A 10-year old California boy who was diagnosed with cystic fibrosis as an infant is defying all the odds.
Sam Grayston, 10, of Laguna Hills, Calif., bowled a 300 last Friday at the Forest Lanes Bowling Center in Lake Forest, Calif.
“The pressure started to build and I threw the ball a little weird,” Sam said. “I was really nervous, but it kept going right to left and then all the pins fell.”
Sam’s mother, Laurie Grayston, said that Sam had part of his intestine removed and was fed through a feeding tube until he was nine months old. She was also told that Sam would never be able to sit up on his own.
“I didn’t want to believe it,” said Laurie. “We didn’t believe he was going to be held back. We thought he was going to be normal.”
Now Sam has to undergo daily treatment for his cystic fibrosis. This includes a few arduous breathing treatments every morning and night, including a treatment that requires him to wear a vest that shakes him vigorously to clear mucus from his lungs. He also has to take medicine each time he eats and has to drink constantly to avoid dehydration.
Despite what therapists and doctors predicted, Sam started to walk and has spectacular hand-eye coordination.
His father, Joe, a Los Angeles County fire captain and former professional baseball player for the Texas Rangers, taught his son how to play baseball and golf.
“He is great with almost any sport that uses a ball and a bat,” Joe said. “He is such a great athlete and he has a quiet confidence about him.”
“He has the most amazing swing as a lefty, in golf and baseball,” Laurie said. “He was on the 10 and 11 year old baseball All-Star team as a nine year old.”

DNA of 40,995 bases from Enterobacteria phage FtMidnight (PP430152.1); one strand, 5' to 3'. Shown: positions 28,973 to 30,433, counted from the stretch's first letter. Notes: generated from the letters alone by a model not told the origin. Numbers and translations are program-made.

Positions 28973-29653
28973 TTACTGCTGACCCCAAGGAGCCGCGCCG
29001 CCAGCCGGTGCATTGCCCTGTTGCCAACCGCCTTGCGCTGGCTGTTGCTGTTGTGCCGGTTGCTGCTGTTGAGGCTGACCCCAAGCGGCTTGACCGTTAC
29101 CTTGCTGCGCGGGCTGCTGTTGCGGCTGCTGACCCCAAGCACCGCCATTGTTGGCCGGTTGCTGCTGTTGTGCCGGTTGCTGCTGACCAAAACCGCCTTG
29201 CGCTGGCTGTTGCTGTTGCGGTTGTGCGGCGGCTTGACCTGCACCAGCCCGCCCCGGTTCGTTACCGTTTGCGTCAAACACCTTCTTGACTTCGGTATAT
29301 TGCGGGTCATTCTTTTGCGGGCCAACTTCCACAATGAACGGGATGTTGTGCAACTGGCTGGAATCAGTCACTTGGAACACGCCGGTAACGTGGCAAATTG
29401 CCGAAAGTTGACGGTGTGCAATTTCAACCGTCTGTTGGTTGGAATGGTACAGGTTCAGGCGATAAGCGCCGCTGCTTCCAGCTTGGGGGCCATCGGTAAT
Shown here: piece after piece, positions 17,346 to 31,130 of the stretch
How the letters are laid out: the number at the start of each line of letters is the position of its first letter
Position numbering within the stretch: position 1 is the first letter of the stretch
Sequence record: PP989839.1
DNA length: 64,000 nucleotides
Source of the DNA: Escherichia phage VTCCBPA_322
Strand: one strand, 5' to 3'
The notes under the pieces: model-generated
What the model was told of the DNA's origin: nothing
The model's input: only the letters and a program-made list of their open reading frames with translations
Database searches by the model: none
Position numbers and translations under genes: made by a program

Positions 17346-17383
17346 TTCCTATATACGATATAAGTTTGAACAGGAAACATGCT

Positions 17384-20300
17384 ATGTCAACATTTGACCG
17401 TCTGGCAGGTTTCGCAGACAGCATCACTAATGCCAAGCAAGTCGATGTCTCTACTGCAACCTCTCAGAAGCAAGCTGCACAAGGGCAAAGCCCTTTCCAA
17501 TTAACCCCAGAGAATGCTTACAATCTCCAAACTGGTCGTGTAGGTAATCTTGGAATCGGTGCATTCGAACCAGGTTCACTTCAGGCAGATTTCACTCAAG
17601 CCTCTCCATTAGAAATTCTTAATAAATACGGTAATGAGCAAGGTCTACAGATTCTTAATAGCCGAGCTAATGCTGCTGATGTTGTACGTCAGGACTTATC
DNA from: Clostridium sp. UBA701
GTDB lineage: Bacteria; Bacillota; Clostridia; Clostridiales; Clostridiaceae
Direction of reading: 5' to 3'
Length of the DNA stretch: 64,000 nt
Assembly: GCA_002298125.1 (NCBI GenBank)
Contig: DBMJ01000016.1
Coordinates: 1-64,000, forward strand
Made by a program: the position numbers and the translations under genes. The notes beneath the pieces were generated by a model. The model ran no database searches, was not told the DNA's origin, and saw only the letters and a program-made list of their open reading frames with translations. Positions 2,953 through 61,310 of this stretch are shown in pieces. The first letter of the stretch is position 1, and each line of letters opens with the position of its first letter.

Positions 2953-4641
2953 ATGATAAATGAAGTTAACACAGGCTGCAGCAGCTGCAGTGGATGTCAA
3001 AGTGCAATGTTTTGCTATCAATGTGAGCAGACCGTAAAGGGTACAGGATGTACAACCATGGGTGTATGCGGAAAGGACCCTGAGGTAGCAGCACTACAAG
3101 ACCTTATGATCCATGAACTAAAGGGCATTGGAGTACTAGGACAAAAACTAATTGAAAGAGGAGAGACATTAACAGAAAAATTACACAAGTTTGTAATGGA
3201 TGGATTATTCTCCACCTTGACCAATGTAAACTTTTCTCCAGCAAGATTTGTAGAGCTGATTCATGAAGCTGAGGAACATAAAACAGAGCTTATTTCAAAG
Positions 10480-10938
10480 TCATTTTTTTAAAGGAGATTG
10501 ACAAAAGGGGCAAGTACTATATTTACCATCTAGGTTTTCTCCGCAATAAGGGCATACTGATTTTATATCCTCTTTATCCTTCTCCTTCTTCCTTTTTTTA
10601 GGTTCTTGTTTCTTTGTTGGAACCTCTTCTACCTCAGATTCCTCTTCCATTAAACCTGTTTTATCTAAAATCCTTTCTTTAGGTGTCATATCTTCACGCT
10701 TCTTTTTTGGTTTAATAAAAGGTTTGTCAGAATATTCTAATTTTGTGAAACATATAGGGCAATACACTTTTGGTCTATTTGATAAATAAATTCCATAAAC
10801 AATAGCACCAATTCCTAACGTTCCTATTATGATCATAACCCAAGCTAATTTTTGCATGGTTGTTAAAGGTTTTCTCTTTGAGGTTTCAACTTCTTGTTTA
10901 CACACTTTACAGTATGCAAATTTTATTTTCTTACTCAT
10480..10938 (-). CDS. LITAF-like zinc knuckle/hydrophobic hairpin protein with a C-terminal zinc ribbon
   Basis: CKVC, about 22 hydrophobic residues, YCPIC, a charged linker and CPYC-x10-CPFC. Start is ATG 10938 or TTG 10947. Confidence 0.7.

According to his mother, Sam just wanted to try bowling for fun and now he can’t get enough of it. He wants all of his birthday parties to be at the bowling alley. The Graystons also set him up in a Youth Bowling League and started setting him up with private lessons.
“He just took off from there,” Laurie said. “I drop him off around 10 and he will play until 6 p.m. He is just focused on it; he is focused on any sport he does.”
However, Sam’s passion for bowling conflicted with his ability to play baseball and he had to make a decision.
Sam decided to take some time off from baseball so he could participate in his weekend bowling league. But, initially, this decision was met with some resistance from his parents.
“I had been his baseball coach for a few years and when he told me he was going to stop playing baseball and bowl instead I was like ‘Um, what?’” Joe said laughingly.
But, Sam’s parents said that they want him to follow his dream and do whatever he wants.
When Sam saw the last pin fall in the 10th frame he was elated.
“Happiness, lots of happiness. Most of my friends were there and everyone was watching,” Sam said.
Sam said that his favorite sport is bowling and his next big goal will to bowl a 700 series over a course of three games.
“Sam is an inspiration,” his mother said. ”He never complains and he is always in a good mood. He is just an all around amazing boy.”